Schoolgirl receives £8,500 discrimination payout over afro hairstyle
11 February 2020, 08:43 | Updated: 11 February 2020, 11:59
A girl who was repeatedly sent home from school over her afro hair has been awarded a discrimination payout of £8,500.
Ruby Williams, 18, described how The Urswick School, a Church of England secondary school in Hackney, east London, claimed her hair was distracting pupils and blocking their views of the whiteboard.
She received the payout in an out-of-court settlement after her family took legal action against the school.
She had been told that her hair breached the school’s uniform policy, which stated that "afro style hair must be of reasonable size and length".
The policy has now been removed from its website.
Her parents, Kate and Lenny Williams, said that their three-year legal battle, backed by the Equality and Human Rights Commission, “destroyed” their daughter’s confidence.
Speaking to the BBC, Ruby said teachers even attempted to put bands in her hair, saying: "I ended up getting frustrated because my hair would keep bouncing out of the bun.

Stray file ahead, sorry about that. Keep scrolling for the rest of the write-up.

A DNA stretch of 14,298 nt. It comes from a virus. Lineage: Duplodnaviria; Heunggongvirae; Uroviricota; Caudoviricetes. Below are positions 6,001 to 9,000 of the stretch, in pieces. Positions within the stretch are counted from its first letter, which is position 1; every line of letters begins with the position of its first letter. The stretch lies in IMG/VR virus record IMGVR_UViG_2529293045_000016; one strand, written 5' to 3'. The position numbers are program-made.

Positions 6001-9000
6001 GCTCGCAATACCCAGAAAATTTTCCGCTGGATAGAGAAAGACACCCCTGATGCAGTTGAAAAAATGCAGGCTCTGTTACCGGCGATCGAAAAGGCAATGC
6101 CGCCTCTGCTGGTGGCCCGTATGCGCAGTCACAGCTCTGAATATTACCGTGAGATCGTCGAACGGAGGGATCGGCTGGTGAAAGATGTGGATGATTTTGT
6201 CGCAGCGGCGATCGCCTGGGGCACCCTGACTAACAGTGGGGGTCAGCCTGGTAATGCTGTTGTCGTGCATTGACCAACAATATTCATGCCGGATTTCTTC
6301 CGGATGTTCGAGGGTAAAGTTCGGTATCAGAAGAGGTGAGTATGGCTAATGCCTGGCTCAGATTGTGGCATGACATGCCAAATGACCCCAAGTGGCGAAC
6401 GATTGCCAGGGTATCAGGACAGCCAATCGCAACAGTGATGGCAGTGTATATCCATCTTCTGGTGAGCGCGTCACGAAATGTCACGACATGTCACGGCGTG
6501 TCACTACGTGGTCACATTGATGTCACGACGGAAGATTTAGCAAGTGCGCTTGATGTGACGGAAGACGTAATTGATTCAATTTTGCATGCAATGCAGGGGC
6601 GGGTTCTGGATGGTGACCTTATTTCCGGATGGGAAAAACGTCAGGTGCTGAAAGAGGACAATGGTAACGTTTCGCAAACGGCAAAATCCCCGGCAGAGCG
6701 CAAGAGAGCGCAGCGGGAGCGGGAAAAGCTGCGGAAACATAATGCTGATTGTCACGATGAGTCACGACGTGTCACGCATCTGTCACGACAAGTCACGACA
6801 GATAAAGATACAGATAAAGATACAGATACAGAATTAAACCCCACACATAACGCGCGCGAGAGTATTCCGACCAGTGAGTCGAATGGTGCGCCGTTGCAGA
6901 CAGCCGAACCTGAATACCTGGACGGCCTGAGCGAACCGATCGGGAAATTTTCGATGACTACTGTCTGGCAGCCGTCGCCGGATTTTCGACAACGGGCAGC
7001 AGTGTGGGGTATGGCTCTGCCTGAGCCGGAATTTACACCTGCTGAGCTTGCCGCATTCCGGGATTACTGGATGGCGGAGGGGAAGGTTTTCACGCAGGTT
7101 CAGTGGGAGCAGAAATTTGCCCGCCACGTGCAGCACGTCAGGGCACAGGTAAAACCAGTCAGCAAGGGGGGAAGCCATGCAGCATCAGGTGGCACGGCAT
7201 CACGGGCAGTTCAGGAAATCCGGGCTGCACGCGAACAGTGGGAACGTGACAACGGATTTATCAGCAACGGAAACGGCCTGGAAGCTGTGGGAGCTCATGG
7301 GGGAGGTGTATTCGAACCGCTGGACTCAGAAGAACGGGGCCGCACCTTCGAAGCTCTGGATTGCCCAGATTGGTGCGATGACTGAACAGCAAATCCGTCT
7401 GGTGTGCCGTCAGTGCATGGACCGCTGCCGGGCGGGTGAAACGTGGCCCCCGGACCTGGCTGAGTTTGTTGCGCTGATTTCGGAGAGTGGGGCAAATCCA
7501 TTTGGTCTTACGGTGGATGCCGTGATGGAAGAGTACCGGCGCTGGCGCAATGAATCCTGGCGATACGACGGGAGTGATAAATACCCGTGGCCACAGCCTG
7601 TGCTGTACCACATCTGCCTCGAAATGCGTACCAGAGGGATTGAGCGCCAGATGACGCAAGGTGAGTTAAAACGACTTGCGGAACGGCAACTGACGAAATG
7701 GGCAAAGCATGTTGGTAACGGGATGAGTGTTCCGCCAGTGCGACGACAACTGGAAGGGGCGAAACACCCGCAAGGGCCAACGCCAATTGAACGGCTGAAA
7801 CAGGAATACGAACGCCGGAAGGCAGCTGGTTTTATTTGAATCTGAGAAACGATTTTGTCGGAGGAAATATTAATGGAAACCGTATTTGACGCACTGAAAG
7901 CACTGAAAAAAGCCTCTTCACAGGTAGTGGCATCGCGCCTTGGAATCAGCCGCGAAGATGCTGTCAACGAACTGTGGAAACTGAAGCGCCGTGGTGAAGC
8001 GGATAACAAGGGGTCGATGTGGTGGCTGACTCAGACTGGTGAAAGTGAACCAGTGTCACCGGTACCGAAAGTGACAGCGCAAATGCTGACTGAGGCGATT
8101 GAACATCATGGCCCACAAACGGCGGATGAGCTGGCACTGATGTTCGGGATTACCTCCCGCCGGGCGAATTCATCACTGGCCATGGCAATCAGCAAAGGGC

"In the end I just said 'If it's too big can you just please send me home? Because this is not OK'.
"Why should I have to cut or change my hair and people can have their hair all the way down to their hips, as long as they want? But because my hair grows out I need to cut it?"
The settlement offer was made by the London Diocesan Board for Schools directly to Miss Williams’ family, without any admission of liability from the school.
The Urswick School's governing body says the school "recognises and celebrates diversity at every opportunity".
A spokesman said in a statement: “The governing body is hugely distressed if any child or family feels we have discriminated against them. ”We do not accept that the school has discriminated, even unintentionally, against any individual or group."